Fear of Reality

In a recent debate, someone asked what we all thought happened after death.  Most, thankfully, said we simply stopped existing.  Then she asked if that bothered us.

My response was “who cares?”

What difference does it make whether or not reality bothers us.  It’s reality!  Reality is not up for a vote, it doesn’t matter if it makes you happy or sad, it is what is.  It doesn’t matter if you scream or whine about it or embrace it as inevitable, reality changes for no man.

It reminded me of Christopher Hitchens, who has incurable cancer.  He is dying.  He knows he is dying.  While I don’t know what’s going on inside his head, publically, at least, he’s very accepting of the fact.  He’s doing what is medically possible, I’m sure he’s hoping for a cure, or at the very least, remission, but the reality is, he’s probably going to die in a very short time.  What’s nice is you don’t see him running around screaming about it or begging the heavens to save him.  He’s facing death bravely, accepting the inevitable and dealing with the cards reality has dealt him.

Why do some people think that reality gives a damn what they want?  It wasn’t that long ago that Texas’ idiot governor, Rick Perry, was telling people to pray for rain.  Is he that stupid?  Wait, don’t answer that.  Does he seriously think that doing a jig or talking to himself or screaming at the sky is going to make reality change it’s mind?  Seriously?

It isn’t the first time I’ve brought this up though, but I’ve never gotten a satisfactory answer from theists.  Why does making you comfortable have anything to do with reality?  Seriously, I think it comes largely, not just from the inherent irrationality of religion, but on the ego-stroking that some people require to keep wandering around all day.  They need to feel important.  They need to think the human species is a big deal.  We need to matter in order for them to feel confident enough to continue functioning.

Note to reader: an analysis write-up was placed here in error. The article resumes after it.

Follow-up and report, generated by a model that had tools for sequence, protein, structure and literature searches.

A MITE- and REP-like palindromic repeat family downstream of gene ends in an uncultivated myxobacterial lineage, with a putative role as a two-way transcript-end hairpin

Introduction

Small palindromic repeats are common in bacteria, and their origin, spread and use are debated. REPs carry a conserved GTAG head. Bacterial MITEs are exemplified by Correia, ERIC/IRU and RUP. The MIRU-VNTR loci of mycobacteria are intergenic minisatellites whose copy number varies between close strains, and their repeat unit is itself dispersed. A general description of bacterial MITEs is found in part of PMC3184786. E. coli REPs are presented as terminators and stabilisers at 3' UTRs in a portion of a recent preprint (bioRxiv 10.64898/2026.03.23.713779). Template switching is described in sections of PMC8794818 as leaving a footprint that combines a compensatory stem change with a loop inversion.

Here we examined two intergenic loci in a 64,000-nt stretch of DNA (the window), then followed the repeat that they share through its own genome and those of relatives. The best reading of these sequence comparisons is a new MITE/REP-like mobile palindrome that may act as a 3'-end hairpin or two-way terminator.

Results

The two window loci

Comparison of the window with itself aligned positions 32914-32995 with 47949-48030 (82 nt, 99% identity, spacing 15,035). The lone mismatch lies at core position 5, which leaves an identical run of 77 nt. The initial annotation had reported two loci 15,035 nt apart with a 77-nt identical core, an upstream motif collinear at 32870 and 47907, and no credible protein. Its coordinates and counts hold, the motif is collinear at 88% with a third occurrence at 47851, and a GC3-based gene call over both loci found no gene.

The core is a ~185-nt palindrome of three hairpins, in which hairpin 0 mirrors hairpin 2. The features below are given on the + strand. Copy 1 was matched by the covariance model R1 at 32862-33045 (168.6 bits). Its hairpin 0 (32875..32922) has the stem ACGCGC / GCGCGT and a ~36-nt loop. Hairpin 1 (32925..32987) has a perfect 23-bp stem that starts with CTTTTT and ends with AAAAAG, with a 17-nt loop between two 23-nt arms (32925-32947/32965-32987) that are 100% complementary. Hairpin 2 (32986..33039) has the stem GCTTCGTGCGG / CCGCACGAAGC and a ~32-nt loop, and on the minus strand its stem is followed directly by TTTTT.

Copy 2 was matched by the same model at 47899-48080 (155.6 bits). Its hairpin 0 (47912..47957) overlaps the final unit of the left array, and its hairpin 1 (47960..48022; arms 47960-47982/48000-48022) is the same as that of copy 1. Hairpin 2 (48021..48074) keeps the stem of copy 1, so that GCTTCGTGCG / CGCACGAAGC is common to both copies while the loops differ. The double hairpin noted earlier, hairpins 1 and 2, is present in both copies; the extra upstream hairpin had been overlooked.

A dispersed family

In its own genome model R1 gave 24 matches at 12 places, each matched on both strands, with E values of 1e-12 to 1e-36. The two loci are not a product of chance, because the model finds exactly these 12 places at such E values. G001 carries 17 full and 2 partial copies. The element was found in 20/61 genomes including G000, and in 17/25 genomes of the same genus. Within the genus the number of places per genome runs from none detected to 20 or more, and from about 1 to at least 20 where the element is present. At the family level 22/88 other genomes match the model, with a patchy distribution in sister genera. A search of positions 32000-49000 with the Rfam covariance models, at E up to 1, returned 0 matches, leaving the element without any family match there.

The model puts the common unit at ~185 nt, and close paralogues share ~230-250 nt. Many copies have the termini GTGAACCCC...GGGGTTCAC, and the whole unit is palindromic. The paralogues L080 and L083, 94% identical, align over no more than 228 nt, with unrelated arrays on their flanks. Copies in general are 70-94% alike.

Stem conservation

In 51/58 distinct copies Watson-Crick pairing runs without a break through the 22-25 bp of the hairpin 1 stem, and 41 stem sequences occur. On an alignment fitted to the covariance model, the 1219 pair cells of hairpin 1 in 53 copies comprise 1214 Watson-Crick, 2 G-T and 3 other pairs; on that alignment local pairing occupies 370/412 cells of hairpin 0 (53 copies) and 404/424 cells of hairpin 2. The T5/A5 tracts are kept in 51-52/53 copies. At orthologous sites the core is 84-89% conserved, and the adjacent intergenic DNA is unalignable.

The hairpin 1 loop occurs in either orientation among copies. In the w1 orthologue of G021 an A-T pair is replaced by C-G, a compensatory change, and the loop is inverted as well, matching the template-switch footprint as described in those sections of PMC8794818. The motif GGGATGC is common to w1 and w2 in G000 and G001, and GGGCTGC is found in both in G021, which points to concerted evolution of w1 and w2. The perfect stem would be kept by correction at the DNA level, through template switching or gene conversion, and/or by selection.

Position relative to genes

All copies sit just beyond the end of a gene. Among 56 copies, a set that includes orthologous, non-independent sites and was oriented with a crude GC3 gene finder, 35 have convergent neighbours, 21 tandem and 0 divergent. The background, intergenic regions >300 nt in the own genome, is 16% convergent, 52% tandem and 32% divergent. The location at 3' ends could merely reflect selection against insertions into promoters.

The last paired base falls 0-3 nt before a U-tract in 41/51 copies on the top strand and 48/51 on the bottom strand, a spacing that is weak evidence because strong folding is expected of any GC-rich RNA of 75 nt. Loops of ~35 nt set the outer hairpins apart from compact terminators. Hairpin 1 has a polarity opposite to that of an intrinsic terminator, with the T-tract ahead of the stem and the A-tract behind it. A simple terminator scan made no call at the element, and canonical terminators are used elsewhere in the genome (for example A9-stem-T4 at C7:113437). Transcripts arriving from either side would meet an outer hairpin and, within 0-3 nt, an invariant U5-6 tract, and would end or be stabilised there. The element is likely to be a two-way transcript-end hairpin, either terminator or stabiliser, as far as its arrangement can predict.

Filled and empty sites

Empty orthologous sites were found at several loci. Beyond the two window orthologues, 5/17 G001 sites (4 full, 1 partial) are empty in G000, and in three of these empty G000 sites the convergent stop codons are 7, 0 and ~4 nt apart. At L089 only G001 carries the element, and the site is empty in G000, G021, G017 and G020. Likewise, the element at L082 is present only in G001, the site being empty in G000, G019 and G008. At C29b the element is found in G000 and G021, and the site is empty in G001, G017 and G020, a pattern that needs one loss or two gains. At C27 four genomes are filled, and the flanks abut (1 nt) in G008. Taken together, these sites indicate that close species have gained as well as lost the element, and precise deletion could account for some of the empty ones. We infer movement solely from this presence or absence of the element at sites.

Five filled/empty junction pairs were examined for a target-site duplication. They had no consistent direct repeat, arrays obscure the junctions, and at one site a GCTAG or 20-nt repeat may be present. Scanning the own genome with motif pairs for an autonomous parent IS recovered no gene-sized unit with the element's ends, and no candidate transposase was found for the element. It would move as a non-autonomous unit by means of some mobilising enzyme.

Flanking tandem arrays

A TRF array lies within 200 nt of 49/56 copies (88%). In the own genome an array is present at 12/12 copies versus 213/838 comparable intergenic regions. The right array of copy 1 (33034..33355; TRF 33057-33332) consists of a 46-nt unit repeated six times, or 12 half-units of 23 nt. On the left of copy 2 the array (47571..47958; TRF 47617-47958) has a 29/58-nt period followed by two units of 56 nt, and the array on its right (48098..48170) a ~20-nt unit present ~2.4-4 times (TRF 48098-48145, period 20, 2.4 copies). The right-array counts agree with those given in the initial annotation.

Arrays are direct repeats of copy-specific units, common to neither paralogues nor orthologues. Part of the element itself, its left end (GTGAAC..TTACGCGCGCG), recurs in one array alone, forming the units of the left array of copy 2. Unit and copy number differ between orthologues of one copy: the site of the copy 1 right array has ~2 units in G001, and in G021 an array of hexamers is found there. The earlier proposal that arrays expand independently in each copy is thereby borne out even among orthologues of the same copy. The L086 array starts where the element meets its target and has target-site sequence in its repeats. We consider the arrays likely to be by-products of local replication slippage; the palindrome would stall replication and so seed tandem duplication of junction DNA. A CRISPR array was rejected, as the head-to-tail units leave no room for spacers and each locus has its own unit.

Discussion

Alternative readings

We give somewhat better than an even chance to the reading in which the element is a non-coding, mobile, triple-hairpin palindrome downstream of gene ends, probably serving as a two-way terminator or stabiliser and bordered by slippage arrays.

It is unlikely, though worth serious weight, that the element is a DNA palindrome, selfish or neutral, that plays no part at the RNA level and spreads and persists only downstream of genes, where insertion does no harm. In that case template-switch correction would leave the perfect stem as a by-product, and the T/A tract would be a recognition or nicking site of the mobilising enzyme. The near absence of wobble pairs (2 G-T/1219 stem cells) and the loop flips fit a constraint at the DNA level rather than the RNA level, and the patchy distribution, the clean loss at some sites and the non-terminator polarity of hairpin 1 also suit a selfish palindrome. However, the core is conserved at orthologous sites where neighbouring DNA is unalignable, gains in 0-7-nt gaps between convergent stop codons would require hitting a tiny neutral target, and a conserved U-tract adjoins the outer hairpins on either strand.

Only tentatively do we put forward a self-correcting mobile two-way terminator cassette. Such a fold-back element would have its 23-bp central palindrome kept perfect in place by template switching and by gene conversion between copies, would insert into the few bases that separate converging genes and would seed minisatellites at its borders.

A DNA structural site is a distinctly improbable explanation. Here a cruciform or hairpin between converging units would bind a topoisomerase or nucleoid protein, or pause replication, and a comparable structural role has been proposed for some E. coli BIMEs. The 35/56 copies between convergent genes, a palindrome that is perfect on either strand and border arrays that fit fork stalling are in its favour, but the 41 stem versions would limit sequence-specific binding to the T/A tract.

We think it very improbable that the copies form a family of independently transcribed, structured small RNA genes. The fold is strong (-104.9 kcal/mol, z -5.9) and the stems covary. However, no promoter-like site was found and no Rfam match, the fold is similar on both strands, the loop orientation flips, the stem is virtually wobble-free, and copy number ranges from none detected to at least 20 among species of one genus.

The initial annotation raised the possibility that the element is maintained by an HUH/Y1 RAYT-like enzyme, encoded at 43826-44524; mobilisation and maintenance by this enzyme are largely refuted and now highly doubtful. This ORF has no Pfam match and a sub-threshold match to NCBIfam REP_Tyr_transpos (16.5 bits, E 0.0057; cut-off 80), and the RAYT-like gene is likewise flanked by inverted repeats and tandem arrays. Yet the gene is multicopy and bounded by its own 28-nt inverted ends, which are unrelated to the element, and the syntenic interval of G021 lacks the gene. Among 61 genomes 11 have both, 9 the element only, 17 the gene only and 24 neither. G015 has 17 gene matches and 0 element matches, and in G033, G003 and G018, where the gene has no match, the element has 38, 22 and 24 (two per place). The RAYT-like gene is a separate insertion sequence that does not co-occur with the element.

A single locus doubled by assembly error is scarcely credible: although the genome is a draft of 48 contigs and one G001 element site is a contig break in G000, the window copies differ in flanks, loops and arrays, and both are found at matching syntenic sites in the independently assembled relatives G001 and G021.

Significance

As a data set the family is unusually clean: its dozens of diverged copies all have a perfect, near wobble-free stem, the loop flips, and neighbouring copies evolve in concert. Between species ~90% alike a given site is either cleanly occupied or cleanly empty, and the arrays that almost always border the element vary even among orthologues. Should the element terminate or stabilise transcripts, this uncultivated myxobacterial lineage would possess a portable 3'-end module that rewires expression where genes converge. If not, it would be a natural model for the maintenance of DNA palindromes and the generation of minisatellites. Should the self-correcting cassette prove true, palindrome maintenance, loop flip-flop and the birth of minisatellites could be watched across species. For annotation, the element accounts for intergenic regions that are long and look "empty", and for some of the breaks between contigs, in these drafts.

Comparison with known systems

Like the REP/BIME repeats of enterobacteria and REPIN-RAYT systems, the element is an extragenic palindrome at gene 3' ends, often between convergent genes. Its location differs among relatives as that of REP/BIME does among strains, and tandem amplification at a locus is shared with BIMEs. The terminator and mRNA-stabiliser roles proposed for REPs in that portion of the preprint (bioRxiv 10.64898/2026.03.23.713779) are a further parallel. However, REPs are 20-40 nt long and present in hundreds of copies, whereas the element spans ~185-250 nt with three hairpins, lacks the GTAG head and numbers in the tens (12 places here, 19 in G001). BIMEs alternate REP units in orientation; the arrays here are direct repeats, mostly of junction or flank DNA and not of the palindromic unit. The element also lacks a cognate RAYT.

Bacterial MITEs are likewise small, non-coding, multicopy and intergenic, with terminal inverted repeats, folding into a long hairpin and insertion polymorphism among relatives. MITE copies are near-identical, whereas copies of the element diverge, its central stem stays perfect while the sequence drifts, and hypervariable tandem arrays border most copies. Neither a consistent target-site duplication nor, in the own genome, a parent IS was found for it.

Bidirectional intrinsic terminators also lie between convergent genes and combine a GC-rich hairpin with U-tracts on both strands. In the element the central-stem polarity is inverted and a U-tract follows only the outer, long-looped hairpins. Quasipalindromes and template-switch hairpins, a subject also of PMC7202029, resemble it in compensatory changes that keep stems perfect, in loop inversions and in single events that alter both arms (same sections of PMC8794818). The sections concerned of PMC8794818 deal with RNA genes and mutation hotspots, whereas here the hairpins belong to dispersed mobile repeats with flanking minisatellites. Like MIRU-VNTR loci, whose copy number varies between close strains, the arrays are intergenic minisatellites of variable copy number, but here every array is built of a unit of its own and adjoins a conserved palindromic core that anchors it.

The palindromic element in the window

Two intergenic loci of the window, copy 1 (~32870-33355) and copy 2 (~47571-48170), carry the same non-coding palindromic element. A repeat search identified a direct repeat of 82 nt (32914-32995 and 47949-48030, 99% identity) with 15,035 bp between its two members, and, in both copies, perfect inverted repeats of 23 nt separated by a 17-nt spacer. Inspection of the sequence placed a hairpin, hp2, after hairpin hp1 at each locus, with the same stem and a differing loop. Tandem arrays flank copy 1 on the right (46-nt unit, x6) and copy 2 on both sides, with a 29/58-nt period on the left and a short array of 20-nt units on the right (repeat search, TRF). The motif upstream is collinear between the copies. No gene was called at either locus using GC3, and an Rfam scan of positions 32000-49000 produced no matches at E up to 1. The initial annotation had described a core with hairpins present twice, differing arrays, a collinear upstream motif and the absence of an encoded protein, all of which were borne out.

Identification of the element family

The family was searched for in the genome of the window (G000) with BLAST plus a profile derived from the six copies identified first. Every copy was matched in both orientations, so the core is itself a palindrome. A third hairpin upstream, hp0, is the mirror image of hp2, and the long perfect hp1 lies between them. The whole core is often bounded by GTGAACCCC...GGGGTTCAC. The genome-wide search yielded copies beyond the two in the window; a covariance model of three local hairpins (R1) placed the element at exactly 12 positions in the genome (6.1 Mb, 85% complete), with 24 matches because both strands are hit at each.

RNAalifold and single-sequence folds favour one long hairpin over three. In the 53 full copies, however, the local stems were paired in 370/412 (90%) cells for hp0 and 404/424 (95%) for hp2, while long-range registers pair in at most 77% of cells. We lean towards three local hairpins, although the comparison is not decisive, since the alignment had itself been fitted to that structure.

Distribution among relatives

The problem is, the human species really isn’t important, at least not in the grand scheme of things.  We are, like it or not, an insignificant species on an insignificant planet in an insignificant solar system in an insignificant galaxy.  If we were to go extinct tomorrow, if our planet were to explode, nobody would miss us because nobody, unless they intercepted the weak radio signals we’ve littered our corner of the cosmos with, would ever know we existed.  And you know something?  Nobody would care, nor be any less for not having known about us.  Sure, we think we’re hot shit on this planet, but the planet did fine for billions of years without us, it’ll do fine for billions more once we’re gone, at least until the sun becomes a red giant and incinerates the Earth.  Our own overactive ego or not, we need to be realistic about our importance, both on this planet and in this universe.  We have virtually none.  Deal with it.

Far too many people care more about how a particular fact makes them feel than whether or not it’s a fact.  They’re all too happy to believe in complete lies, just so long as they’re comforted by it.  They vehemently deny demonstrable facts if those facts get in the way of an enjoyable delusion.  Then they get mad at you when you point out what they’re doing.  Emotion rules these people’s lives, not intelligence, rationality, evidence or anything else.  They want to feel good, no matter how ridiculous their lives are.  That’s a very primitive, irrational way to go through life.

That’s why I think we need to start teaching critical thinking, rational evaluation and evidence very early in schools.  Teach kids how to think.  Teach them how to make decisions based on evidence and logic.  Start them young and by the time they’re adults, I bet we’ll see most of them rejecting all manner of woo, including religion.  You’ll get more people dealing with reality as it is, rather than how they wish it was.

And wouldn’t that be a good thing?

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